Online platforms failing to weed out fake reviews, claims study

Internet, News

Facebook, Google and Trustpilot can be easily infiltrated with fake reviews with unscrupulous brokers selling them for as little as £4 each, a Which? investigation suggests.  

The consumer watchdog’s latest investigation involved setting up a fake business and approaching brokers to boost its pages on the three platforms using bogus five-star reviews – which revealed a sprawling network of fake reviewers on Facebook. 

After easily finding a series of ‘fake review brokers’ through Google, Which? signed up to one called Xealme, which can create reviews for all three platforms. Business is clearly booming – this single broker claimed to have created nearly 16,000 reviews for a total of 570 customers, and offers its service in nearly every country in the world.

On Facebook, in just five days, Which? had amassed 19 five-star reviews from fake profiles for its made-up business ‘Gold Lion Labs’ – which claimed to offer PCR testing services. Reviews were added quickly – 11 went up in one day. 

Initially Facebook removed just 18 of the 29 fake reviewer profiles Which? shared with it, and Which?’s fake business remains live on the platform at the time of writing. Facebook finally removed all 29 profiles after pressure from Which?, more than a month after the findings were first reported. The vast majority of the business pages Which? shared remain live and continue to have at least a four-star rating.

Which? used the same fake review broker to amass reviews on Trustpilot. The broker told Which? that Trustpilot does not like people buying reviews for the platform, but that ‘millions of businesses still do’.

Reviews were added more slowly on Trustpilot, but within three weeks the fake business had gathered 19 five-star reviews and a 4.6 TrustScore – which is based on the average of reviews, but includes other factors such as age and number of reviews. Gold Lion Labs’ TrustScore was significantly higher than the health consultant business category average of 3.6 stars. 

A review – suggested to the broker by Which? – that was written in French, and translated to ‘This is a fake company and fake reviews. Five stars!!!’, had been added twice, by two separate reviewers, within two days of each other. 

Which? found that one of its fake reviewers had also given five stars to a business that had a Trustpilot flag on it for misleading behaviour. The business still had a 4.9 star TrustScore, based on 974 reviews, and 91 per cent of the five-star ratings had been left by first-time reviewers – those who had not reviewed any other businesses before or since.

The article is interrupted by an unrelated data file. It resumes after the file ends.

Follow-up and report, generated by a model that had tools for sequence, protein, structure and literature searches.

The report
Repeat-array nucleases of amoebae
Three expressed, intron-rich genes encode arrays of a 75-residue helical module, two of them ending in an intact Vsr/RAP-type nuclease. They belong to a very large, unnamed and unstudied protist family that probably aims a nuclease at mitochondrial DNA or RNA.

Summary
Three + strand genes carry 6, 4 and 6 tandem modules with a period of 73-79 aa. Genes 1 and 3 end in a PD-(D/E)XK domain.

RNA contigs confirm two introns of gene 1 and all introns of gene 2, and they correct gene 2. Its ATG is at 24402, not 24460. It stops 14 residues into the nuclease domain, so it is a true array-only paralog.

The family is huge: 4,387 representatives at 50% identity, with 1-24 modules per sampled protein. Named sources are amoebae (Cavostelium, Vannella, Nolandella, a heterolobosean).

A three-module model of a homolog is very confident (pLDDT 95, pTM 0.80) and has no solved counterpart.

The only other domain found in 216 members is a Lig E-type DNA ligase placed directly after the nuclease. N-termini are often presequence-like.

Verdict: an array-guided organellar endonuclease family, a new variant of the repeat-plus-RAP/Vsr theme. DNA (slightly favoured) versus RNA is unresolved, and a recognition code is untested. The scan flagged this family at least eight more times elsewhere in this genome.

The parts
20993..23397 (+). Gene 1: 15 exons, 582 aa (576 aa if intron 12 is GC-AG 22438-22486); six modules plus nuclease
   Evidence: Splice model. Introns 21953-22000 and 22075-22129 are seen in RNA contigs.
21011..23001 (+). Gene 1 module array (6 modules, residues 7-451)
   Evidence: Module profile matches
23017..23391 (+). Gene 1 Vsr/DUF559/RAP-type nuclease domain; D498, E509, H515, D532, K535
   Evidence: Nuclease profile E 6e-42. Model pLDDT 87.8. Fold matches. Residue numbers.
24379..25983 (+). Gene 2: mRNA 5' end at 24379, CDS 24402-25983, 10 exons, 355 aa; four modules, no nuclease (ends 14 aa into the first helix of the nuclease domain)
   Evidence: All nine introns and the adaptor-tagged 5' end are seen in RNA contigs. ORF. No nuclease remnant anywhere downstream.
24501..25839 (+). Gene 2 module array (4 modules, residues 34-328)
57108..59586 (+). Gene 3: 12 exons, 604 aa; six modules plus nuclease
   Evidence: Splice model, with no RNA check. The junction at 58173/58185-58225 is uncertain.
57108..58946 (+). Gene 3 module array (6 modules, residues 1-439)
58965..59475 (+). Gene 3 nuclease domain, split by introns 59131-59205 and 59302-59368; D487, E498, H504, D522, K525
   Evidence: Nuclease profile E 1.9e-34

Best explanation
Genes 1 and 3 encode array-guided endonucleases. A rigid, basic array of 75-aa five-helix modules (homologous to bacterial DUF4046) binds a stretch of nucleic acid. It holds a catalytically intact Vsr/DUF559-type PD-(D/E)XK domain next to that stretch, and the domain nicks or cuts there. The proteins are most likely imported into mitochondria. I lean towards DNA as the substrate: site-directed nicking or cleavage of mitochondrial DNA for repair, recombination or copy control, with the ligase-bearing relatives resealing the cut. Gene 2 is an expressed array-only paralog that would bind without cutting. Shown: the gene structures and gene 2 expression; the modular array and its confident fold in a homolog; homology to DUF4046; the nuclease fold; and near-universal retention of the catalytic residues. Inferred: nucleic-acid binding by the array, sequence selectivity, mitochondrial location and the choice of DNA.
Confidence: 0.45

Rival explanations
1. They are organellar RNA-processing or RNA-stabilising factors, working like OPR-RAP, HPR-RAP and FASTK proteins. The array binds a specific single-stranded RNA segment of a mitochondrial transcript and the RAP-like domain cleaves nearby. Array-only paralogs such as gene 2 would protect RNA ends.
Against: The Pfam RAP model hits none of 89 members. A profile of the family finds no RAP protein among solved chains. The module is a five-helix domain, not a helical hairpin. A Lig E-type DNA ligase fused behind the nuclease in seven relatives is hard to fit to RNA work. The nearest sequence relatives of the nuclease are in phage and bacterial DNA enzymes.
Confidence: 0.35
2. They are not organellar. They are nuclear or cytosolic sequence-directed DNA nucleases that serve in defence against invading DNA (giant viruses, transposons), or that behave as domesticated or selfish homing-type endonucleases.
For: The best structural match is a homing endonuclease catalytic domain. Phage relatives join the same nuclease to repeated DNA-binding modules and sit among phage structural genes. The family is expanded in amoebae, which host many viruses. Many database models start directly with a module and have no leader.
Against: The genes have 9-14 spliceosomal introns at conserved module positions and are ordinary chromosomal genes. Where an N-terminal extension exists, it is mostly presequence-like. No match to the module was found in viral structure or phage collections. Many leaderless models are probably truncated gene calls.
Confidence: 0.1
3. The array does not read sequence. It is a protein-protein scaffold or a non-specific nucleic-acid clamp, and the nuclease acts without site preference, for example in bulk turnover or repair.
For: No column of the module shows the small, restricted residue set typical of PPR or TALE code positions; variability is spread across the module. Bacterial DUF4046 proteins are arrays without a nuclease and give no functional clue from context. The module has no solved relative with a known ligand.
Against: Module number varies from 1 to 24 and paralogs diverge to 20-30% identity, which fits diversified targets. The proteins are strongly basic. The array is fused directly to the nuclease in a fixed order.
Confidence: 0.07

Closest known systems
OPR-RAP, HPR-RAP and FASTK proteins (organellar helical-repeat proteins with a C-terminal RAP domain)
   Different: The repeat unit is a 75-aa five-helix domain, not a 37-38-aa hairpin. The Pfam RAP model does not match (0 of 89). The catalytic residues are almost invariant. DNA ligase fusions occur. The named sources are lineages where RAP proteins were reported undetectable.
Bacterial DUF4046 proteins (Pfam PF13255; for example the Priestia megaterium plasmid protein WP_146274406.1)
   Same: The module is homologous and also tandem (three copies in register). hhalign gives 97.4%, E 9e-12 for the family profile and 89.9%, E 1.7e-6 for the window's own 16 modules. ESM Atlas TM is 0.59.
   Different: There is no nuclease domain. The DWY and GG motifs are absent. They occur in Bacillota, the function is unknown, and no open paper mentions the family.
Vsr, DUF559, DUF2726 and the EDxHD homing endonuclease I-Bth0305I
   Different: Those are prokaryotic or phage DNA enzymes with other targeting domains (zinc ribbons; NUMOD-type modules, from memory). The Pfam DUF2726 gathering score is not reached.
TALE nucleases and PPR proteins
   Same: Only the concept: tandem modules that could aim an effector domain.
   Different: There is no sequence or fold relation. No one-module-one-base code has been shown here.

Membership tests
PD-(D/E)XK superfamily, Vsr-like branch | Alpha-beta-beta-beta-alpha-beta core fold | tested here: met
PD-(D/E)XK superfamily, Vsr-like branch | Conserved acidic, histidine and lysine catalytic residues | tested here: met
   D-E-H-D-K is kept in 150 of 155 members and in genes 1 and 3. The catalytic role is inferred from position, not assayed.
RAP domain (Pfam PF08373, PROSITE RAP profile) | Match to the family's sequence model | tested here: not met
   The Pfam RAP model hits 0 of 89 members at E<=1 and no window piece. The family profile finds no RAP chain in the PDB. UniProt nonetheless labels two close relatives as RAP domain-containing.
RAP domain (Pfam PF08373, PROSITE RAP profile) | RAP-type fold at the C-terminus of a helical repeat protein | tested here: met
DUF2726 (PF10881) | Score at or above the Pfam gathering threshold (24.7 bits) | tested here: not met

It is a suspicious pattern, and one which Trustpilot appears to be aware of. It begs the question why this business page is still live at the time of writing and has a TrustScore of 4.3 – although Trustpilot has now added a more severe ‘red warning’ to the page.

When it came to Google, within a week, Xealme had added 19 reviews to the Google business page for Gold Lion Labs. 

Four reviewers had also reviewed a tennis racket shop in Surrey, while two others had previously only reviewed companies that were based in the US. 

Which? asked a review broker, called AccFarm, how safe it was to buy reviews for Google, and it said that in eight years none of its clients had experienced any issues. AccFarm says that team members are regularly trained on how to create Google reviews – a professional team of fake reviewers.

From Which?’s investigation alone more than a thousand reviews have been removed by the three online platforms. 

Trustpilot said it is considering legal cases against those selling reviews, something which Amazon has already had success with after launching, and winning, a series of legal actions against fake review brokers this year. Google also said it would consider litigation as a tool for holding fraudulent reviews to account. However, legal action alone is not enough and Which? believes all online platforms should be doing more to improve their systems to detect, remove and prevent fake reviews.

Which?’s investigation comes after the government outlined plans for a new Digital Markets, Competition and Consumer Bill to banish fake reviews in the Queen’s Speech earlier this year. These proposals would lead to the selling or advertising of fake reviews being banned and companies hosting consumer reviews on a service having to check if they are genuine.

The reforms would give the Competition and Markets Authority (CMA) more powers and allow it to directly fine companies that act badly up to 10 per cent of their global annual turnover and require consumers to be compensated – rather than having to go through lengthy court proceedings first.

Which? believes these important planned reforms to consumer and competition law are vital to ensure that platforms do more to protect their users from fake reviews and help the CMA to tackle poor practices. These new laws must be enacted as soon as possible to protect consumers and ensure they are not misled online. 

Says Rocio Concha, Which? Director of Policy and Advocacy:

“Facebook, Google and Trustpilot are failing to do enough to shut out a fake reviews industry that has been thriving and profiting from misleading reviews for years now.

“Facebook in particular has repeatedly been slow to act in tackling fake reviews, showing a complete disregard for consumers who want to read genuine reviews

“The government has outlined plans for a new Digital Markets, Competition and Consumer Bill that would give the CMA stronger powers to protect consumers from an avalanche of fake reviews. The Bill must be introduced to Parliament by the new Prime Minister without delay.” 

Chris Price
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